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Day 7 of #AuthorLifeMonth: "Swag." I know I'm ridiculously behind on this, but my five-year-old got a pretty bad vomiting bug over the long weekend, which also happened to be my last few days on deadline. Instagram had to wait! I'll be catching up throughout the day, but here's some of the gorgeous artwork for HARLEY IN THE SKY (character cards by @jhocaaa and art print by @fictograph). I'll be handing these out at upcoming events and signings, so stay tuned for more info! We are also officially ONE MONTH AWAY from release, and I am beyond excited. Preorders, library requests, and leaving reviews on retailer sites and Goodreads are all helpful ways to support new books, and I'm SO grateful to each and every one of you who do this! 💛💛
Something amazing about this novel is its ability to explore touchy and uncommon subjects. Most of the characters in the novel are from many different cultures, meaning that readers get to explore different cultural traditions and beliefs. Bowman does an amazing job respectfully discussing each culture and moves beyond stereotypes to create her characters. Specifically, I thought her use of biracial characters was definitely something new. On top of exposing readers to new cultures and identities, Bowman doesn’t shy away from the touchy subject of mental health, making hidden struggles a major part of the novel. It’s a beautiful reminder that a main character can have flaws and that that’s okay. Bowman’s inclusion of topics like these is powerful.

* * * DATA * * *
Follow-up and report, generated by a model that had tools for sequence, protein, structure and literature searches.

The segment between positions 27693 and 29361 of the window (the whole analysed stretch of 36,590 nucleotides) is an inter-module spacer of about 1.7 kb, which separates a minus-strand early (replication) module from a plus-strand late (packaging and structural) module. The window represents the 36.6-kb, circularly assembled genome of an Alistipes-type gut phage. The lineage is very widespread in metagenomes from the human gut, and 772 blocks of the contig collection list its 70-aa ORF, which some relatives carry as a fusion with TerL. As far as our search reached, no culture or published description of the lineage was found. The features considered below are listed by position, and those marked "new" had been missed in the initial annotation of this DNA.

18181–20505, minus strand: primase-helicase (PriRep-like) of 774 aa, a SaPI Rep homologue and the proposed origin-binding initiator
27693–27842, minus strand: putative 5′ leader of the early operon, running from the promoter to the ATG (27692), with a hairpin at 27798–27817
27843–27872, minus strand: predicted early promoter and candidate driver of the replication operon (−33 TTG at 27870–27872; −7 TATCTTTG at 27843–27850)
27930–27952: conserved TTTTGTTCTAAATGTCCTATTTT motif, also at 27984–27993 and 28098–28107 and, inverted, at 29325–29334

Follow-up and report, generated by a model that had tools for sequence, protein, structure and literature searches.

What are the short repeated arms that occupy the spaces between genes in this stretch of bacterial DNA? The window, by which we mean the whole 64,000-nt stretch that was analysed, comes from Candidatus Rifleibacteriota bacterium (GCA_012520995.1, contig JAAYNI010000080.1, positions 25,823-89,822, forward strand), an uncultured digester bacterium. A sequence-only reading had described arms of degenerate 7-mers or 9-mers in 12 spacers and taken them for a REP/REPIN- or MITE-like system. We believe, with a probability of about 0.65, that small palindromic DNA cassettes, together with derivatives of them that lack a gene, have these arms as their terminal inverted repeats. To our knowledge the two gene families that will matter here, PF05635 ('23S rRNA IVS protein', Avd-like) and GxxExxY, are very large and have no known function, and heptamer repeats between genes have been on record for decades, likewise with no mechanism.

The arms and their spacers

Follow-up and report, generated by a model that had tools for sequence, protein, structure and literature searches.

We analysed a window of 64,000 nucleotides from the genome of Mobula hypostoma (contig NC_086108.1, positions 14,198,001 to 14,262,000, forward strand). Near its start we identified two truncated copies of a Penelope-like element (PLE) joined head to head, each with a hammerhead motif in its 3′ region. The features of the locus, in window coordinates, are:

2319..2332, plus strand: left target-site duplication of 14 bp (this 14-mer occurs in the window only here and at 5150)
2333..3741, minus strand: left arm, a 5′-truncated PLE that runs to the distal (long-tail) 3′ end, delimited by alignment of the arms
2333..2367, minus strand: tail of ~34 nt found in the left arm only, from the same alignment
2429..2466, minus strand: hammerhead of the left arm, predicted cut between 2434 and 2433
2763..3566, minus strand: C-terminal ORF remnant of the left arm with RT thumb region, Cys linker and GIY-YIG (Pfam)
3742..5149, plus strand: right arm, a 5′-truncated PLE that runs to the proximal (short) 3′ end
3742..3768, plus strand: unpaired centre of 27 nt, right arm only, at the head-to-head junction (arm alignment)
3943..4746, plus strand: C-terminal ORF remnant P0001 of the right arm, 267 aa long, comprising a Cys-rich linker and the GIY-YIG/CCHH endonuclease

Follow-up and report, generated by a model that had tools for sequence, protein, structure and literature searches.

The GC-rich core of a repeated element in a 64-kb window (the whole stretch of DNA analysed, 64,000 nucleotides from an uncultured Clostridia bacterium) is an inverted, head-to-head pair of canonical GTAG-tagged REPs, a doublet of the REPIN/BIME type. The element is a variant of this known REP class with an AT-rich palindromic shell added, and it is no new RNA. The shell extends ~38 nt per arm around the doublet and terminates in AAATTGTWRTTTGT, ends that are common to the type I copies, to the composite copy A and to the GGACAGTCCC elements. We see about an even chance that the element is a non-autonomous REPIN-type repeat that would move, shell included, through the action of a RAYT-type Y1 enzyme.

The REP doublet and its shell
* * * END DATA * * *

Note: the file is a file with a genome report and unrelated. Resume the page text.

But my favorite thing about Harley in the Sky has to be Bowman’s ability to explore multiple sides of every conflict. She provides perspectives on every side of Harley’s escape, from her parents to a rival trapeze artist. Instead of casting anyone as a clear antagonist or protagonist, Bowman emphasizes that everyone has their own reasons for reacting to Harley in the way that they did. It forces readers to examine all the sides of the divide and understand that everyone has a reason for reacting in the ways they do. It’s definitely an important reminder to readers that when conflicts occur in day to day life, there are reasons people react the way they do. Her ability to dive deep into every character, from their personalities to their motives and stories, exposes the reader to a wide range of thought processes and makes the read all the more insightful and engaging.
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Day 2 of #AuthorLifeMonth (because I'm still catching up): "My books." 37 days until HARLEY IN THE SKY releases and I'll be able to say I have three novels out in the world. Surreal is an understatement. I also have a middle-grade book on the way and my first ever sff series called THE INFINITY COURTS due out next year. Lots of deadlines, lots of gratitude–especially to the readers who keep picking up my books year after year. You're all amazing. 🖤
Overall, Harley in the Sky was definitely not the read I was expecting it to be. While I initially thought that it was just a novel about circus life and a runaway girl (it is and Bowman pulled this off extremely well) it turned into a conversation about diversity, mental health and perspective. The novel exceeded my expectations in every way and definitely would be one of my top reads of 2020.
Featured image from Simon & Schuster